Subject: ACMS Virtual Speaker Series - Dr. Eric Thrift - Cashmere as cultural commodity: Exploring potential cultural indicators for ‘sustainable cashmere 9/23, Friday, 08:00 PM (ULAT) | 08:00 AM (EST) | 07:00 AM (CDT))

АМСТ - Онлайн илтгэлийн цуврал
"Ноолуур соёлын бараа болох нь: 'Тогтвортой ноолуур'-ын боломжит соёлын үзүүлэлтүүдийг судлах" Эрик Трифт доктор
ACMS Virtual Speaker Series with Dr. Eric Thrift “Cashmere as cultural commodity: Exploring potential cultural indicators for ‘sustainable cashmere'”
Илтгэл Англи хэлээр болно. Event language: English.

When: Friday, September 23, 08:00 pm (ULAT), 08:00 am (EST), 07:00 am (CDT)
Where: Zoom link:
Express your interest using below link (доорх холбоосоор орж оролцох хүсэлтээ илгээнэ үү):
Илтгэлийн хураангуй/Abstract:

The phrase “sustainable cashmere” appears frequently in marketing messages from global brands and designers, in addition to serving as a frame of reference for several market-based development initiatives in Mongolia and China. But it is not generally obvious to consumers, or even to most producers, what should be understood as making a cashmere garment “sustainable”. Beyond disagreement over the long-term ecological impacts of goats on Mongolia’s rangelands, there are differing perspectives on which sustainability indicators to prioritize, from a range of factors such as wildlife conservation, rangeland biodiversity, governance, common-pool resource management, social inclusion, or economic livelihoods. Moreover, discussion of sustainability measures in the cashmere sector has given relatively little consideration to cultural factors. Our current research considers the strategic potential for cultural indicators within sustainability standards for cashmere, with a focus on “nomadic culture” as a political and economic resource.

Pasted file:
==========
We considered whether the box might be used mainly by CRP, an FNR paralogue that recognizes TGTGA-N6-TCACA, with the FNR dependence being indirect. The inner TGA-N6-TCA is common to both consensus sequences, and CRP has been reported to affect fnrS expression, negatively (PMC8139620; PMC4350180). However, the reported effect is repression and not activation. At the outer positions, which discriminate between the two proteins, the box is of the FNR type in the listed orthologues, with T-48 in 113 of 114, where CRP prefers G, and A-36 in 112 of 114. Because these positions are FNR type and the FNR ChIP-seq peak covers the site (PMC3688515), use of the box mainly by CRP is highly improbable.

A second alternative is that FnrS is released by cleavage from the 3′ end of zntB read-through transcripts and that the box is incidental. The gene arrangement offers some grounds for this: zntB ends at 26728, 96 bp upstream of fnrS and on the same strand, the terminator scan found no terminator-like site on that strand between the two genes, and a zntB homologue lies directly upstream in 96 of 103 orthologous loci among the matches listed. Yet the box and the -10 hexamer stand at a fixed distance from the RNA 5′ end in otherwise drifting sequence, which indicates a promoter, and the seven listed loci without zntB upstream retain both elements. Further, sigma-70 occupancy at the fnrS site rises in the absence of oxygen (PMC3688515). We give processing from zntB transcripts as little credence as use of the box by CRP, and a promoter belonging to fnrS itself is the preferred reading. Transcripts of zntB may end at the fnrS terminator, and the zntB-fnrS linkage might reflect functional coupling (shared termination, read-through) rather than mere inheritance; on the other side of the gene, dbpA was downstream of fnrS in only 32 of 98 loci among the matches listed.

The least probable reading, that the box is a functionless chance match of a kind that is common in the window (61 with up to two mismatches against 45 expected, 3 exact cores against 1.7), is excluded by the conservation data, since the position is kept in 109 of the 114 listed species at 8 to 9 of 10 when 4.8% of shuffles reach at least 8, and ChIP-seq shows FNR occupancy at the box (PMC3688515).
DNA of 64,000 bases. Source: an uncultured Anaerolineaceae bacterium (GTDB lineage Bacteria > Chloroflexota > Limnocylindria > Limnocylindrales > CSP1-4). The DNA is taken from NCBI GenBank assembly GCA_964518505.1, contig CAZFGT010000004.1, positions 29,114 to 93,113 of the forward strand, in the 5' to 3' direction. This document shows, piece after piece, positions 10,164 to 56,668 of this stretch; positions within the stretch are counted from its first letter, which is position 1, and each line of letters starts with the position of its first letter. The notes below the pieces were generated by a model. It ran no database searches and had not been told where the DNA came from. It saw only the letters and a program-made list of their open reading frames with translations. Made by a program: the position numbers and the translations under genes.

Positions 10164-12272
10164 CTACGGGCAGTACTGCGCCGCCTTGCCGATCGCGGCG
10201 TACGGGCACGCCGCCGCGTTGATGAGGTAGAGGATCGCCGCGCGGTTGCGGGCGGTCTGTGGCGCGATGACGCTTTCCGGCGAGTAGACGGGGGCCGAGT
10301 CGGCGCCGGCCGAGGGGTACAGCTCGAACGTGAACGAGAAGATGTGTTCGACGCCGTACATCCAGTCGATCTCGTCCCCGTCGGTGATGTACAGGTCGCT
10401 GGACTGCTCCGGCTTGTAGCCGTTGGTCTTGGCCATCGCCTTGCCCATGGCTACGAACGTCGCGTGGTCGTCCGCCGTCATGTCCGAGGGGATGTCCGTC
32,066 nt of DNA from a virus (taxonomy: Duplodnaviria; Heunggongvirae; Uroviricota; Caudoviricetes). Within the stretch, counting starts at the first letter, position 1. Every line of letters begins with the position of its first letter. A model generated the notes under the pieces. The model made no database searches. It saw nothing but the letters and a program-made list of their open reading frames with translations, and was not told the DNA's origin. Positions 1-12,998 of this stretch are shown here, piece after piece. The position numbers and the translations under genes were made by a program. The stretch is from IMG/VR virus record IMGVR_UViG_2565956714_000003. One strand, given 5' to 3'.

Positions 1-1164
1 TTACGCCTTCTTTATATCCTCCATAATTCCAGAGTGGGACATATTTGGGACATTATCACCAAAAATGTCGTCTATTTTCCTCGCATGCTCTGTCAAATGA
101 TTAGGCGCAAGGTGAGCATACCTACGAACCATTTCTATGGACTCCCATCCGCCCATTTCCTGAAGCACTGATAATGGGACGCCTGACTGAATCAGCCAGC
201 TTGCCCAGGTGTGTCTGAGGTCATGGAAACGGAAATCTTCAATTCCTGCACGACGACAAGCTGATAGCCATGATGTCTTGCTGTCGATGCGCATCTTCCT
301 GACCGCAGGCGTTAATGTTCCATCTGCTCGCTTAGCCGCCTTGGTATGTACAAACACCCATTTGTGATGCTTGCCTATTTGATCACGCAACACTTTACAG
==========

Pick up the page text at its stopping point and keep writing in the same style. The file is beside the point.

Eric Thrift (PhD) is an Assistant Professor of socio-cultural anthropology at the University of Winnipeg in Canada. He has worked as a research consultant and project manager for numerous projects addressing the intersection of culture, environment, and development. His current research on ethics and sustainability in cashmere commodity chains in Mongolia, funded by the Social Sciences and Humanities Research Council of Canada, is being conducted in association with the International Institute for the Study of Nomadic Civilizations under the auspices of UNESCO.
About the ACMS:  The American Center for Mongolian Studies (ACMS) is a non-profit organization dedicated to supporting scholarship in Mongolian Studies. The Virtual Speaker Series promotes information exchange on a variety of subjects related to Mongolia and is free and open to the public.
American Center for Mongolian Studies, 642 Williams Hall, 255 S. 36th St, Philadelphia, PA 19104, United States
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